Premarital Sex in America: How Young Americans Meet, Mate, and Think about Marrying

Premarital Sex in America: How Young Americans Meet, Mate, and Think about Marrying

Premarital Sex in America: How Young Americans Meet, Mate, and Think about Marrying

Premarital Sex in America: How Young Americans Meet, Mate, and Think about Marrying


The period of young adulthood, from ages 18 to 23, is popularly considered the most sexualized in life. But is it true? What do we really know about the sexual lives of young people today?

Premarital Sex in Americacombines illuminating personal stories and comprehensive research surveys to provide the fullest portrait of heterosexuality among young adults ever produced. Mark Regnerus and Jeremy Uecker draw upon a wealth of survey data as well as scores of in-depth interviews with young adults from around the country, both in and out of college. Digging underneath stereotypes and unexamined assumptions, the authors offer compelling--and often surprising--answers to such questions as: How do the emotional aspects of sexual relations differ between young men and women? What role do political orientations play in their sexual relations? How have online dating and social networking sites affected the relationships of emerging adults? Why are young people today waiting so much longer to marry? How prevalent are nontraditional forms of sex, and what do people think of them? To better understand what drives the sexual behaviors of emerging adults, Regnerus and Uecker pay special attention to two important concepts: sexual scripts, the unwritten and often unconscious rules that guide sexual behavior and attitudes; and sexual economics, a theory which suggests that the relative scarcity of men on college campuses contributes to the "hookup" culture by allowing men to diminish their level of commitment and thereby lower the "price" they have to "pay" for sex.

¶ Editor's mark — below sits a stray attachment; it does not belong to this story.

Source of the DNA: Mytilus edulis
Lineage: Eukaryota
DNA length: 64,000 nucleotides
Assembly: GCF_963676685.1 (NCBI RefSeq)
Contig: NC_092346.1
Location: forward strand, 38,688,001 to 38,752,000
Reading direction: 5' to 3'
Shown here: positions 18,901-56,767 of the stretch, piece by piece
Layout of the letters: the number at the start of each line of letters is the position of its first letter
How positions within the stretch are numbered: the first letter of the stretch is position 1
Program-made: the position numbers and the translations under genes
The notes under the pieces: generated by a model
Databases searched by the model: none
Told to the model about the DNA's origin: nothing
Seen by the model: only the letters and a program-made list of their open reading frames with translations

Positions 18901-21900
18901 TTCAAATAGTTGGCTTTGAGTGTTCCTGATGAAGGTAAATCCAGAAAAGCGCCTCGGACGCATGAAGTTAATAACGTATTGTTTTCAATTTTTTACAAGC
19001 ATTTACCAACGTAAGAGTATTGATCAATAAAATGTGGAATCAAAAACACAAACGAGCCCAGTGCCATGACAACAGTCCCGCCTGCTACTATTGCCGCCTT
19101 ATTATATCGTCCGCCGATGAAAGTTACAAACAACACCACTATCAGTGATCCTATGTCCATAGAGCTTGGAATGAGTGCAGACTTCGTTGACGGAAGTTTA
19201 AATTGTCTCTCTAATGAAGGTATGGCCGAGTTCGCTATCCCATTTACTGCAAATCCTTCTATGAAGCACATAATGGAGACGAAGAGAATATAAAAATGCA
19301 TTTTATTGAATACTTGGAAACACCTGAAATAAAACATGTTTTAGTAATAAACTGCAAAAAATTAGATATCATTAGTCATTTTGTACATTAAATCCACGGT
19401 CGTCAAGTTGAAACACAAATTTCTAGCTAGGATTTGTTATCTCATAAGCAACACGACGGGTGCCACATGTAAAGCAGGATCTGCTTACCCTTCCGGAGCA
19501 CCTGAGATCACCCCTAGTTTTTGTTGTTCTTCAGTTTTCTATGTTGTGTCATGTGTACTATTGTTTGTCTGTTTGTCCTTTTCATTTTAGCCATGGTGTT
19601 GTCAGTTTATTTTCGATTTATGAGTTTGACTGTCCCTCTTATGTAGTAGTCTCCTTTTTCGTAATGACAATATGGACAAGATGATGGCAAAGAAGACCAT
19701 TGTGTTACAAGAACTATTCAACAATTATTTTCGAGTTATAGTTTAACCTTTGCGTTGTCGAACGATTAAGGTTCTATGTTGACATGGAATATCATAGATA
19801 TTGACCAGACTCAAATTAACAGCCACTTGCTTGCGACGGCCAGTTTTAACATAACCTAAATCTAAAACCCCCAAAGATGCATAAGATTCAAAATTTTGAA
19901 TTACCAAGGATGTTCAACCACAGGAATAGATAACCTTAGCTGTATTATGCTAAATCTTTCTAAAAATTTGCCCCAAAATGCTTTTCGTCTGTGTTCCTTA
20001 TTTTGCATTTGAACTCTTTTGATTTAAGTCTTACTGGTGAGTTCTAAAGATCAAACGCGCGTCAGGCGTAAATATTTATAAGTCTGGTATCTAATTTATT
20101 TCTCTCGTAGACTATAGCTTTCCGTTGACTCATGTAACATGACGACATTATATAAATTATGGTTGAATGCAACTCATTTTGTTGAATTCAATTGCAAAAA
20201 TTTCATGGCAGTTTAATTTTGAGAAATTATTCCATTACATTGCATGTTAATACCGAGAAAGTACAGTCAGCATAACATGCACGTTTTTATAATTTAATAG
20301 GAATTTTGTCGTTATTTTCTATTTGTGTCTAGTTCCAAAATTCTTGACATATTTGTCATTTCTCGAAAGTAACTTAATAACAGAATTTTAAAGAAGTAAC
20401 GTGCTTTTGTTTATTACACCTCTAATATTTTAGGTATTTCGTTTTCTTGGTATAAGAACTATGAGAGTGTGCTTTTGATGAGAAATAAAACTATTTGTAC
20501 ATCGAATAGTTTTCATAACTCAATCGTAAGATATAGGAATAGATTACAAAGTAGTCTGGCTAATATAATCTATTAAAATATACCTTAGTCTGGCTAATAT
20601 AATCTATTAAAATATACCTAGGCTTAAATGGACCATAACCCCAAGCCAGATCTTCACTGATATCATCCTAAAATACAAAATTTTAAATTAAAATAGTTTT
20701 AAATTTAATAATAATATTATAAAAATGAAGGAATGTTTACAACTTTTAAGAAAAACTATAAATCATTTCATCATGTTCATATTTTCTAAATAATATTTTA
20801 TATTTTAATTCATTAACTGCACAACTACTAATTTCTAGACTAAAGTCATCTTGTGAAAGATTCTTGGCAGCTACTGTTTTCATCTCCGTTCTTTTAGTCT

For anyone wishing to understand how sexual relations between young adults have changed and are changing,Premarital Sex in Americawill serve as a touchstone for years to come.


As the title betrays, this is a book about premarital sex. in other words, this book is about the vast majority of Americans. in December 2006, researchers from the Guttmacher Institute released a report about the historic and contemporary prevalence of premarital sex, and they received an avalanche of media attention for it. Their news: about 95 percent of the American public had their first experience of sexual intercourse before they got married. the report also suggested that this is nothing new—even most Americans born in the 1940s reported having sex before marriage. But having sex before you’re married doesn’t mean you had sex by age 18, or even age 25 (although opportunities for premarital sex are certainly increasing). This book is about the heterosexual decisions and relationships of unmarried Americans between the ages of 18 and 23, and our best data estimate suggests about 84 percent of them have already had sex.

Ironically, we won’t actually use the term premarital sex very often. Not because the sexual relationships we will describe here aren’t actually premarital—they are—but because the term itself has changed meanings. Historically, it implied a sexual relationship between a couple who eventually got married. Most sexual relationships among contemporary young adults, however, no longer result in marriage. and an increasing share of American adults aren’t marrying at all. Yes, premarital sex has lost much of its association with marriage, at least marriage to a particular partner. It now tends to refer to any act of sexual intercourse that occurs prior to a person’s getting married. Whether it’s a person’s first sexual partner, an old boyfriend, a one-night stand, or someone’s eventual spouse, the “who” has become less important than the “when” in the use of the term.

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